5 creative approaches to charitable donations

charitable donations

Getting the most out of charitable donations requires some planning and forethought, but it’s well worth it. Apart from the positive contribution you can make to any number of worthy causes, recent research claims that spending money on others enhances the giver’s happiness, and can even have positive health impacts. The question is, how do you give back in a way that’s relevant to you, your cause, and your employees?

Here are five unique approaches you can take to charitable donations.

Option 1: replace employee gifts

Earlier this month, Google parent company Alphabet reportedly announced that they are forgoing any holiday gifts for employees this year. Instead, they donated $30 million worth of Google gadgets and tech support to schools. It might seem like a bold move, but it actual builds on last year, when employees reportedly had the choice of getting a Nexus 5x or donating to charity. A donation on employees’ behalf can make a big impact, but doesn’t have as much interactivity as some of the other options below – a compromise might be to let staff vote on the cause that their gift donation will benefit.

Option 2: make it an activity

Volunteer days are a great way to practice team building with your staff. A month-long food drive at the office, for example, could culminate in a day of volunteering at a food bank. Or, the team could learn new collaboration skills by working at a job site for Habitat for Humanity. These projects can be especially motivating to staff if you put them in charge of organizing and overseeing it from start to finish. And don’t forget to take lots of pictures throughout the process – it promotes your company’s corporate stewardship, and also make for great employer branding. Deloitte, for example, has blog posts and a promo video on Impact Day, its annual event where employees spend the day volunteering.

Option 3: create a productivity incentive

According to a recent study, when workers are given a social incentive (like a charity donation), their performance increases by 13 per cent – and that number increases to 30 per cent among the lowest performers. Set milestones for individual employees, project teams, departments, or the whole staff that trigger various levels of donations. Alternatively, you can use “charity dollars” as a reward for jobs well done – employers and managers can thank each other with donation credits that can be used toward company causes or other charities.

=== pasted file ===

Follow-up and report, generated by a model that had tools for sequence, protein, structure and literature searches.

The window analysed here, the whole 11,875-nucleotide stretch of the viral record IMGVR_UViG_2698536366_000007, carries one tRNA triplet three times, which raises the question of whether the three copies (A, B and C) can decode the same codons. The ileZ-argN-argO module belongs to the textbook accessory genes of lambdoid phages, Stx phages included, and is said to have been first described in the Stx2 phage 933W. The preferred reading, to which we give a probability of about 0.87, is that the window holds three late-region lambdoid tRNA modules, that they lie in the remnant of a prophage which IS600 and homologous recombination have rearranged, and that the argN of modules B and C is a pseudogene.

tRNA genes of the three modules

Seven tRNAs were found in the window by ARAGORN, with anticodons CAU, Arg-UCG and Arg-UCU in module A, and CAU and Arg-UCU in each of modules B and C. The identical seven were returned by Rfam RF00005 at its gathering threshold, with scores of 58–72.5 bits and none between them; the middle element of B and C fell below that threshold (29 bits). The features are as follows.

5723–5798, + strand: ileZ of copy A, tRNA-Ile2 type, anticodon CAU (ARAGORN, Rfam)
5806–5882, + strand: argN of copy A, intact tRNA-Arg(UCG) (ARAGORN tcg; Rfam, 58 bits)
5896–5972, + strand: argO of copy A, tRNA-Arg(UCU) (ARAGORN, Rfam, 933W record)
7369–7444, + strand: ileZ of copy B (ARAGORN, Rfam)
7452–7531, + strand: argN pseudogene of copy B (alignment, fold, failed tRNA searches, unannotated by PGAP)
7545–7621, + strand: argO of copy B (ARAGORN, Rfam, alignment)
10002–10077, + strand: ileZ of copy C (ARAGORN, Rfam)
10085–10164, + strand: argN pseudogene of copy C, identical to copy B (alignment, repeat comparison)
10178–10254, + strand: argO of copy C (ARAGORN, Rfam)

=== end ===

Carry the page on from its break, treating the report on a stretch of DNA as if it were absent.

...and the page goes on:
Option 4: give time off for volunteering

Additional paid time off for volunteer work is one of the most popular new perks among trendsetting employers. PNC, for example, gives staff 40 hours off annual to volunteer with its Grow Up Great initiative, while Autodesk gives permanent staff 48 hours a year. The latter encourages staff to log all volunteer time – whether it was done on company time or not – and for every 10 hours logged per quarter, they award $100 to the employee’s charity of choice.

Option 5: match donations

The concept of matching is simple: when an employee donates, the company donates. While some companies encourage donating to their featured causes, others encourage employees to choose any registered charity. Set a donation cap per employee – or for the initiative as a whole – to ensure the company can follow through on its commitment.

A final note on charitable donations at work: it doesn’t have to derail efficiency. There’s a wide range of tools to help log hours and track funds. YourCause, Causecast, Benevity, and others provide easy-to-use platforms for managing donations and volunteering, and engaging employees through workplace giving.

See also:
Building an employer branding campaign
5 creative ways you and your team can give back this Thanksgiving


– Subscribe to the Hiring Insider newsletter
– Follow Workopolis_Hire on Twitter
– Listen to Safe for Work, the Workopolis podcast
– Post a job on Workopolis now


Previous Post 6 ways to encourage healthy break activities


Next Post 3 tech tools that can simplify your recruitment process

Scroll back to top